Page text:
Unexpected Interest

Something unexpected happened as a result to my posting a poll asking about the potential interest in fund drive to raise money for an art budget for my upcoming Labyrinth Lord supplement. These past couple of days I have received a flurry of emails ranging from artists that may be interested in taking on this project to other self-publishers offering their advice. I think this is very cool, and I appreciate the interest. The great advice I have received is very much appreciated. Keep it coming.

I also want to that thank those who have taken the time to vote on this poll. It has only been a couple of days, and I have received more positive votes than I really expected to. I realize many of these individuals are other bloggers who in one way or another I have developed friendships with along the way. This is perfectly fine with me. I would support their projects as well if and when the time presented itself. Looking around the OSR blogosphere I am amazed at the talent and ingenuity that is out there, and I am proud to count myself amongst these do-it-yourselfers. I am taking all of this positive energy I have received and focusing it on the book, and I am sure it will be that much better because of it.


[Poll] Would You Participate In A Pledge Drive?

Taking a page from The Land of Nod and the Mystery Men! pledge drive that John Stater has going on over at Kickstarter, I am considering doing the same for my upcoming Swords Against the Outer Dark Labyrinth Lord Supplement that I am currently working on. I plan to release this supplement as a free PDF (no artwork will be included), and all dead-tree books will be print on demand with several options available for various formats and sizes.

A few months ago I was chatting with James Raggi on Facebook and asked him for some practical advice on small press game publishing, and the thing he emphasized to me was, "don't skimp on the art." This statement has haunted me ever since. I am handling all the writing, and I am planing to publish the book through Lulu, so the only budget I really need is for artwork. With almost no funds to spend on artwork I am afraid I have no choice but to skimp. Unless I can generate some funds through a pledge drive and hire a talented artist to supply top quality artwork for the project.

So what would you get with your pledge? Well, I am open for suggestions on this, but here are a few things I have considered:
  • Those who participate in the pledge drive will be acknowledged in the final book.
  • A hand written thank you note will be sent out to all those who pledge.
  • Top secret playtest documents will be made available to those who pledge as they become available.
  • Free full artwork PDF of final book (which will sell for around $8 I think).
  • A handmade Mangus original Cthulhu Mythos prop will be produced, numbered and sent out to participants (something in this vein).
  • Have an idea? Please let me know under comments.
I believe two levels of pledges will be the way to go, with the first being $10 and the next being $25+. At this point I am not sure what the pledge goal will be. I will be contacting a couple of artists to see if they would be interested and see what their price range is going to be. Dave Carson has supplied excellent Mythos art to this blog in the past, and it is my sincere hope that he will be available to do so with this project.

So, take a moment to vote and let me know what you think. As always, leave me some feedback on this, and please feel free to be honest with me. The more data I can obtain now the better this project will turn out in the future.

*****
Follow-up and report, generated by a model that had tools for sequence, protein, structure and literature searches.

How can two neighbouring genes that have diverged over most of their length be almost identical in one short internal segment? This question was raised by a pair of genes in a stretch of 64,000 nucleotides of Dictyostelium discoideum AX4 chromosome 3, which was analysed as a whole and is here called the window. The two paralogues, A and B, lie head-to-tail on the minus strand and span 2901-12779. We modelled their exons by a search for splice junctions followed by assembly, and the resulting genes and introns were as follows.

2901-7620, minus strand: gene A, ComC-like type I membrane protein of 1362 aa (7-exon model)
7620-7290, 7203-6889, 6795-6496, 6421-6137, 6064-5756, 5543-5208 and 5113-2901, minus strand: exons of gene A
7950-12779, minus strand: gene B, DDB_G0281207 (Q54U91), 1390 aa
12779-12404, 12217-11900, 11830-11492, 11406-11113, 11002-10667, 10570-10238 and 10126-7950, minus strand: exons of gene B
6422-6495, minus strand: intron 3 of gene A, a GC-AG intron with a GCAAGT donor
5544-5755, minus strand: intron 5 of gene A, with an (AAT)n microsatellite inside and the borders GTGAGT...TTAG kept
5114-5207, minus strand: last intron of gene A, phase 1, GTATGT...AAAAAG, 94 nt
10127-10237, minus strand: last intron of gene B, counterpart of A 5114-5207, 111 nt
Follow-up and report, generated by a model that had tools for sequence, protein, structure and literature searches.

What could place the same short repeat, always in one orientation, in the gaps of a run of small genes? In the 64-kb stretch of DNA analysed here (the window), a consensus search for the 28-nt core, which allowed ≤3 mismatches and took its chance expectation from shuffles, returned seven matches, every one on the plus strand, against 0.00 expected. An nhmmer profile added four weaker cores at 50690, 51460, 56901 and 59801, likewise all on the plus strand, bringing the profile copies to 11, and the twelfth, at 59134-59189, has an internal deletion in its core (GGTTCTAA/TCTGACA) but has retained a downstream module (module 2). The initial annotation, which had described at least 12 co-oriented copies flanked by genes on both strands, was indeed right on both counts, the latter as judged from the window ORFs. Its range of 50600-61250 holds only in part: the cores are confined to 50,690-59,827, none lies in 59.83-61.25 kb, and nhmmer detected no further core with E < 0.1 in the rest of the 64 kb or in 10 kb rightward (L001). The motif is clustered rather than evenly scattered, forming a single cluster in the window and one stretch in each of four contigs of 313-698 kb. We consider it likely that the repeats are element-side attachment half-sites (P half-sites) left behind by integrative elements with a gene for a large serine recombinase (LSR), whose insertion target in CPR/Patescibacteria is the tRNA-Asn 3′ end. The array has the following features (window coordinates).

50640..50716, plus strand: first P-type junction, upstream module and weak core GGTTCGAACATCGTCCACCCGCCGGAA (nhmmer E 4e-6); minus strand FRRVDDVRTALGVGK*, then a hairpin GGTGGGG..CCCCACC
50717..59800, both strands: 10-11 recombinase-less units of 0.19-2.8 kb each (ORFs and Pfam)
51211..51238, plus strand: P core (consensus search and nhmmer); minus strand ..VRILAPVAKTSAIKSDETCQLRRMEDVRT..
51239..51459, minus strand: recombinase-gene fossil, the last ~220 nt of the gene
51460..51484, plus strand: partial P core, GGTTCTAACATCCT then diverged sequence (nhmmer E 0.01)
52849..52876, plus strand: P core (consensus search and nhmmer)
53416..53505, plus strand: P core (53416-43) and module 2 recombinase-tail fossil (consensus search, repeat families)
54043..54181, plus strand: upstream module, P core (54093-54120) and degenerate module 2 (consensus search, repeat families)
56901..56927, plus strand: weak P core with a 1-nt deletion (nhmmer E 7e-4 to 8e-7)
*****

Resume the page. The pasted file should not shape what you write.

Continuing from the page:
Birthday Gifts

Well, birthday number forty-one came and went with little a'notice. Being in a new town and not knowing hardly a soul here made it a very low key affair this year, which is more than fine by me. I have never been the type of person to keep up with or even enjoy my own birthday. I know, I am a giant stick in the mud!

Anyway, to my delight I found a package from Amazon on my doorstep this evening. Upon opening I realized this was a birthday gift from my fiancée Stephanie... and I thought she forgot! :-)

So, here is what was in the box:

All of these books were on my Amazon wish list, so Steph made me very happy man with this gift! These are collections of short stories by Harold Lamb, who was a pulp writer during the same period when H.P. Lovecraft, Clark Ashton Smith and Robert E. Howard were actively pursuing careers in the field. Lamb specialized in historical adventures ranging from crusader tales (Swords from the West) to tales of the exotic East (Swords from the Desert) to high sea tales involving Vikings, pirates and explorers (Swords from the Sea) and many others. There are a couple of other books in this series that collect his Cossack tales (Swords from the Steppes) and his tales of Genghis Khan (Swords from the East), and I am sure I will be picking these up in the future.

(Yes, I realize I used the word "tales" an awful lot in this last paragraph, which is most appropriate because I believe these are not just mere stories, but they are TALES!)

What is very cool for me is that this will be my first exposure to any of Lamb's work. I have occasionally seen his name from time to time in articles dealing with high adventure pulp fiction, but I have never read any of his stuff. In recent years I have gravitated more and more toward historical fantasy and adventure, so these books are very appealing to me. I do not believe Lamb's work has much in the way of the weird or the fantastique in it, but who cares? Just looking over these books I can say this, it looks like Harold Lamb hit all the sweet spots in recorded history for his subject matter. From the cover art to the names of the stories, these books ooze ADVENTURE!

I am as giddy as a kid on Christmas morning! Now, which one should I start with? Vikings, of course!